STANLEY CHUMFWA: The Eternal King of Zambian Chess


The Zambia Chess national team was the most overachieving team in the world at the recent 2010 Chess Olympiads, the world’s biggest international chess tournament. They were ranked 121st but managed to come out at position 47th (out of 148 countries) by the end of the tournament. The obvious reason for their poor ranking at the beginning of the tournament is that the members of the team are not known in the world, therefore they have very low chess ratings as individuals and collectively. And they are unrated because they have not participated in enough international tournaments to be fairly rated. Zambia is too poor to send its chess players to such tournaments. Or rather, all the money goes to the one team that underachieves consistently these days: the national soccer team.

And the most underrated chess player in the world has to be the Zambian team captain, Stanley Chumfwa. For many years, Chumfwa has been the most dreaded chess player in Zambia. At any local tournament, every player instantly loses heart upon learning that he has the misfortune of being paired against the unpredictable Chumfwa in the next round. Thus a game against Chumfwa is normally lost even before it starts! At the last tournament I saw him participate in, he had a Christian book on his table (written by classical evangelist Smith Wigglesworth) on how to pray for the sick or something, but this did not tame the merciless aggression with which he mutilated his opponents!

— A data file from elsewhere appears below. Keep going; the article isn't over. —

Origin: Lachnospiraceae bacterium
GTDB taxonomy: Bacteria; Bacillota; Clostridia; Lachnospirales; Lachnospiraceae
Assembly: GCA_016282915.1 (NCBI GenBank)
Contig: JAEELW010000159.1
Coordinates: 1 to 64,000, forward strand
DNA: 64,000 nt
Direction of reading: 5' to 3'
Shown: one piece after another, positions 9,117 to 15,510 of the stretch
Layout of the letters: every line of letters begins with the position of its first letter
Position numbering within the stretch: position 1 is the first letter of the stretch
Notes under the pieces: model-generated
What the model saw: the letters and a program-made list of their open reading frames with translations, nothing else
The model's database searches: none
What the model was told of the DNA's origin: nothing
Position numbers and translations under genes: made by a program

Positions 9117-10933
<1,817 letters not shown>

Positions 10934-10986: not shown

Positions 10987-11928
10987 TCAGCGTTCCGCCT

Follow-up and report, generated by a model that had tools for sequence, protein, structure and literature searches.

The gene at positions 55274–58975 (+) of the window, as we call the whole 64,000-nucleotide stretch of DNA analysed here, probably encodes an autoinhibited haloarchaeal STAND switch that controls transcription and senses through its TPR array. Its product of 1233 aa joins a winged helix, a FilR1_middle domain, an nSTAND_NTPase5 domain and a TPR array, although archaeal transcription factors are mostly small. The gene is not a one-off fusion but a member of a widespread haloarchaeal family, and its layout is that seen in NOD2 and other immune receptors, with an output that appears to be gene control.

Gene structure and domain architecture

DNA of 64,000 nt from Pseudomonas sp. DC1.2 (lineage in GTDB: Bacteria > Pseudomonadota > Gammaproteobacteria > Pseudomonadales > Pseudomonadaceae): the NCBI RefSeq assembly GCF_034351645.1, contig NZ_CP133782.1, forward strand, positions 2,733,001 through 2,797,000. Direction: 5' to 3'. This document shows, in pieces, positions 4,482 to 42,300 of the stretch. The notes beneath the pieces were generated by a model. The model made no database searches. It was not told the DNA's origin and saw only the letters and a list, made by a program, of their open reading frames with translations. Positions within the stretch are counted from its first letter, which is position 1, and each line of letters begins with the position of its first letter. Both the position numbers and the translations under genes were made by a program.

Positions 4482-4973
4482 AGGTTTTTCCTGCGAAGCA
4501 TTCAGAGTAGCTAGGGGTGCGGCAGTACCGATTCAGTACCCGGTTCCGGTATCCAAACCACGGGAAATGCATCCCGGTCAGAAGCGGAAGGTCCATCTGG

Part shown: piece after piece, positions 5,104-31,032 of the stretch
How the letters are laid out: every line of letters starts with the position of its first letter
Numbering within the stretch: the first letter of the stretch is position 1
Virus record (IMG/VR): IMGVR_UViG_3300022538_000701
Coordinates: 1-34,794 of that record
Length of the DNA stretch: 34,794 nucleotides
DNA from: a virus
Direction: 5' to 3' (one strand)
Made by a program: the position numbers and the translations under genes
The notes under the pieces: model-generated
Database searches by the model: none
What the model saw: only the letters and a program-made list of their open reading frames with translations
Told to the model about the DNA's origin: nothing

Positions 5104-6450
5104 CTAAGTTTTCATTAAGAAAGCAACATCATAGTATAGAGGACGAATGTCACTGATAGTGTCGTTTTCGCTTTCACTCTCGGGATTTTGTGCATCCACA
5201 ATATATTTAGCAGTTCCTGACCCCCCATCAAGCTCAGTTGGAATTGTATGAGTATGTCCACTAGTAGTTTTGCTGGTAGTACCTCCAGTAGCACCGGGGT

Despite this tough competitiveness on the board, Chumfwa is fondly liked by all the chess players in Zambia, because he is completely approachable and he characteristically respects every opponent he is playing against, always taking every game very seriously, no matter how lowly ranked his opponent is. He is also very liberal with offering his knowledge to the other upcoming players and he feels no need to make them acknowledge his superiority through endless boasting, as some lesser “masters” do. His own kid brother was thus so inspired by these lessons at home that he has managed to also make it into the envied Zambia national team of about half a dozen players. Almost every member of the national team is not ashamed to credit the development of their game to the critical advice given to them by their generous captain and the instructive games they have played against him over the years.

Chumfwa’s own style of play is distinctively intuitive, sometimes shockingly so. At the last Olympiads, for example, he played one particular [|game] against a grandmaster that confounded many chess analysts and was regarded as one of the best games of the tournament (which included all the best players in the world). Not even the grandmaster could see why Chumfwa suddenly started giving away his biggest pieces in this game as if he had gone mad; his plan was not foreseeable. It only became clear after the grandmaster found himself unable to continue play and resigned the game to the little known Zambian champion shortly afterwards. This unorthodox onslaught against such a strong opponent was so spectacular that not even Gary Kasparov could have saved the resulting position; it was partly reminiscent of the super-cryptic play of the great American genius Bobby Fischer, and partly like the overbearing strategic motions of Anatoly Karpov.